Music

Grammy girl

Melissa Dunkley makes the red carpet

By Howard Campbell
Observer senior writer

Wednesday, February 13, 2019

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She was not nominated for a Grammy Award, but Melissa Dunkley was very much on display at music's biggest spectacle last Sunday at Staples Center in Los Angeles. Singer Etana wore one of her designs on the red carpet.

Though Etana's Reggae Forever lost to Sting and Shaggy's 44/876 in the Best Reggae Album category, Dunkley said her creation being exposed to millions who tuned into the event on television made her MDIZ Fashion House a winner.

“Etana wearing my design at the Grammys has boosted my brand to another level. I have been on the local news in Tampa, Florida, and that has sent more traffic to MDIZ Fashion House and my website,” she told the Jamaica Observer.

According to Dunkley, the outfit Etana wore was an “off-the-shoulder silk taffeta fitted, fuchsia pantsuit with a pleated half-skirt that drapes on the ground with rhinestone bodice.” She added that: “it is edgy but still very classy and effortless”.

The self-taught Dunkley is based in South Florida. Originally from Silent Hill in Christiana, Manchester, she has been a designer for over 20 years and has shown at a number of Jamaican fashion events including Saint International Style Week, Touch of France/Expo Fashion and Fashion Block.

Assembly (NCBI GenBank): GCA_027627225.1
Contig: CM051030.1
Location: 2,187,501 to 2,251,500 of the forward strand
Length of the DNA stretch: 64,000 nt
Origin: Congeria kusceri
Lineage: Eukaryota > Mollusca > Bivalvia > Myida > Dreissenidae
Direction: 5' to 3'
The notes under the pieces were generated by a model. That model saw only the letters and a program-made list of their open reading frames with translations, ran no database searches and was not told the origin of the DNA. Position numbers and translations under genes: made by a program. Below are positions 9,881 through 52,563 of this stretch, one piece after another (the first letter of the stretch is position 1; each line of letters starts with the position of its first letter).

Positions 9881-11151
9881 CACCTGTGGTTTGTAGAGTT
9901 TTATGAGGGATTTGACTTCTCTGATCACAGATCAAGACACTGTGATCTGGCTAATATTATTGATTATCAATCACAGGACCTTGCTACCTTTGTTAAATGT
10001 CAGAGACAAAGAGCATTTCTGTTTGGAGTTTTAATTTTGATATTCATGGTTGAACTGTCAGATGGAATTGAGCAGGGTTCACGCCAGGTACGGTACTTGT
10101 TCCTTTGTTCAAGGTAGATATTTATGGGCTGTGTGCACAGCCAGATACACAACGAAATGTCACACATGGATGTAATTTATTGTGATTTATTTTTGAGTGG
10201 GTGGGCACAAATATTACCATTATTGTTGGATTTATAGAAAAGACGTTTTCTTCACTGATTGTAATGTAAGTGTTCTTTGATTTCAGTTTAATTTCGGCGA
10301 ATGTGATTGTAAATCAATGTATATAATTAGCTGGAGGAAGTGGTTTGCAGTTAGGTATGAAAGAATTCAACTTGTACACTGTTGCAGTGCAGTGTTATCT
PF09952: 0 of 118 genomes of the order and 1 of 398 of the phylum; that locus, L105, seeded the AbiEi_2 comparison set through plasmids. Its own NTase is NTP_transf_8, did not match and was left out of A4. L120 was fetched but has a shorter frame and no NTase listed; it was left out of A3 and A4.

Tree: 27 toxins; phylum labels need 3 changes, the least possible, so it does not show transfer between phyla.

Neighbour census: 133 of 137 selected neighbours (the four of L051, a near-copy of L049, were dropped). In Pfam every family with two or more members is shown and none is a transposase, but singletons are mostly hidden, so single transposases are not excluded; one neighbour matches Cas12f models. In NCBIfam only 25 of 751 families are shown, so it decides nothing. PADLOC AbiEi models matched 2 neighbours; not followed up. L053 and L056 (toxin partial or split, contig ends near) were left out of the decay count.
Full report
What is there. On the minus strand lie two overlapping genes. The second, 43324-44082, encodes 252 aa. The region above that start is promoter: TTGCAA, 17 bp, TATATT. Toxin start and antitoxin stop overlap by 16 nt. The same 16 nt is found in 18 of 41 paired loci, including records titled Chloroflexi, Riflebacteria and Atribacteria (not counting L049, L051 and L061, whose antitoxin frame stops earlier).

She said Etana has been a client for over 10 years. Other well-known personalities who have worn her designs are Queen Ifrica, Lady G, Macka Diamond, Stacious and Tifa.

Dunkley believes MDIZ Fashion House attracts dancehall's finest because “my style is very chic and classy with lots of details and edginess”.

Fashion has always been a big part of dancehall music. The ghetto tailor kept busy throughout the 1980s for the genre's biggest stars, but it was not until the early 1990s that dancehall haute couture took off internationally with Shabba Ranks.

The deejay won Grammys for Best Reggae Album in 1992 and 1993. Whenever Shabba Ranks performed live or appeared at high-profile events, he wore the flamboyant creations of Earl “Biggy” Turner, a Kingston-based designer.


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